Yendunian's family knew he had a musical gift early on. It was right around age 9 when it materialized on the guitar, and other people noticed as well. It was then that Andrew began visiting the local pubs that ran open-mic sessions (with Mom) and he also started getting invitations from several professional musicians to come up onstage to play.
Jimmy Paxson said this about Andrew:
We just did a rare original gig with Jim Garrison...Great stuff. We also backed up 14 year old Andrew Yendunian who is a mind-blowing young musician....This dude leads the band, plays his ass off and writes great tunes. He will definitely be someone you'll hear about. Great kid, great musician. All in all, a great night.
Ask young Yendunian about his musical influences that come from the bigger industry picture and he will say they are Marvin Gaye, Stevie Wonder, Alan Stone, and Justin Timberlake.
But who and what does he listen to on the radio?
Actually, I don't listen to artists who play the same type of music I do. I listen more to Country. I just went to Nashville a couple of weeks ago and I'm definitely going back.
During the Christmas break, Andrew's father took him on a trip to Memphis and Nashville, Tennessee. It was a highlight for the Orange County born and raised, Yorba Linda High School boy.
Andrew is managed by his mom—at home (of course)--and also professionally.
Julie Yendunian doesn't only see to it that her son gets his breakfast each morning and that he does his homework at night, she also works on procuring the gigs he plays (an average of about 2 per month while still in High School) and she travels to every show, audition, and recording session he has. She has to--he's only sixteen and he not only needs a manager to manage him, he needs a chaperone to accompany him when he plays in the pubs as well.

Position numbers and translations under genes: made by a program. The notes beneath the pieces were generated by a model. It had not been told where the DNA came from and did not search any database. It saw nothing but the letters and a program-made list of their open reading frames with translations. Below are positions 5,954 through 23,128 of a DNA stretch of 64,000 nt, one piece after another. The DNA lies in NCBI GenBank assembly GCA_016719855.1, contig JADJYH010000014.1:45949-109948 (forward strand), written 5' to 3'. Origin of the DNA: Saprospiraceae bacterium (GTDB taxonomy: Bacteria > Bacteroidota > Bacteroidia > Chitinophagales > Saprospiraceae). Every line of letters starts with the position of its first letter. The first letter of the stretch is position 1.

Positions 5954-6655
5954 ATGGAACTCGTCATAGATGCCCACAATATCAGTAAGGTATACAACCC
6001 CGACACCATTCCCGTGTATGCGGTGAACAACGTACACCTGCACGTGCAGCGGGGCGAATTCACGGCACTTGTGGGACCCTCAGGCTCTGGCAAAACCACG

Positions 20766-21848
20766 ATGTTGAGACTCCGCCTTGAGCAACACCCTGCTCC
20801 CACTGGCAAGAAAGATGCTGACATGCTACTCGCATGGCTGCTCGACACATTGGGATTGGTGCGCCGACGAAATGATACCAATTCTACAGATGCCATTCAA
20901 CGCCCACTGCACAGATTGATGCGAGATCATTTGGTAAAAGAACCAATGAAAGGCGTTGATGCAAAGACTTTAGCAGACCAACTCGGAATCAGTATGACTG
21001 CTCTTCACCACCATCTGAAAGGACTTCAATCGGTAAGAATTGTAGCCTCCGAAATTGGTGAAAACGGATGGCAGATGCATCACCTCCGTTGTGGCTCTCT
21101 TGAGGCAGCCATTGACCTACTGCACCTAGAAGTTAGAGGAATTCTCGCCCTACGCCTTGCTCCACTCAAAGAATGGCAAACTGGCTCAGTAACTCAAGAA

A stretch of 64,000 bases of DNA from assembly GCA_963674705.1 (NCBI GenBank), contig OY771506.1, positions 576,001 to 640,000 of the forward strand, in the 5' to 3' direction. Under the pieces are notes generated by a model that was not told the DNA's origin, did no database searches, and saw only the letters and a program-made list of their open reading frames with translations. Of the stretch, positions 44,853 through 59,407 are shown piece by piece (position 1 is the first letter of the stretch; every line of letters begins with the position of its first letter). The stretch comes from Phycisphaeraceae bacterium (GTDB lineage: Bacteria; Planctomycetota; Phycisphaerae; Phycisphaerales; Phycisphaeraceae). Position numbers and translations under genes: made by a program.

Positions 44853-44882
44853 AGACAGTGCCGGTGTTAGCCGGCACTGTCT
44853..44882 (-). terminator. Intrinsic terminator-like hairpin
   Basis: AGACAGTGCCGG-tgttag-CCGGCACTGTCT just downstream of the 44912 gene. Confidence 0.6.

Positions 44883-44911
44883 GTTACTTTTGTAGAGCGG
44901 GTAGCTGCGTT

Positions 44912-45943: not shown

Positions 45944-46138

So far, there's no "Scooter Braun" involved. The Mother/Son duo are doing just fine on their own orchestrating and running Andrew's career, but of course, they haven't quite made it to that next level of "Yendunian Productions, Inc." If one of Andrew's songs hits the charts, things may have to change as far as help that's needed in managing each day in the life of this particular prodigy. Julie and Andrew have given it a little thought, but for the most part, the prospects of giant fame are not always that attractive anyway, based on what's been happening with the too-much-too-soon- famous-train-wreck-mega-stars that attained their fame in giant proportions at an exceedingly tender age. (Must we mention their names? Not necessary.)
When he decided to try out for ABC's the Voice (on Season 4) Mom went every step of the way with her son. Andrew hung in and went through a multitude of preliminaries. He got all the way up to the chopping block—the blind auditions--in front of the panel of judges that must turn around for you so that you can pick your own mentor/judge and move on. None of them turned, but they definitely heard that special something in his performance and they asked him to return for the following season.
“They called me back, but my heart was just not in it. They wanted me to go through the audition process again the next season, but I was just not into it.”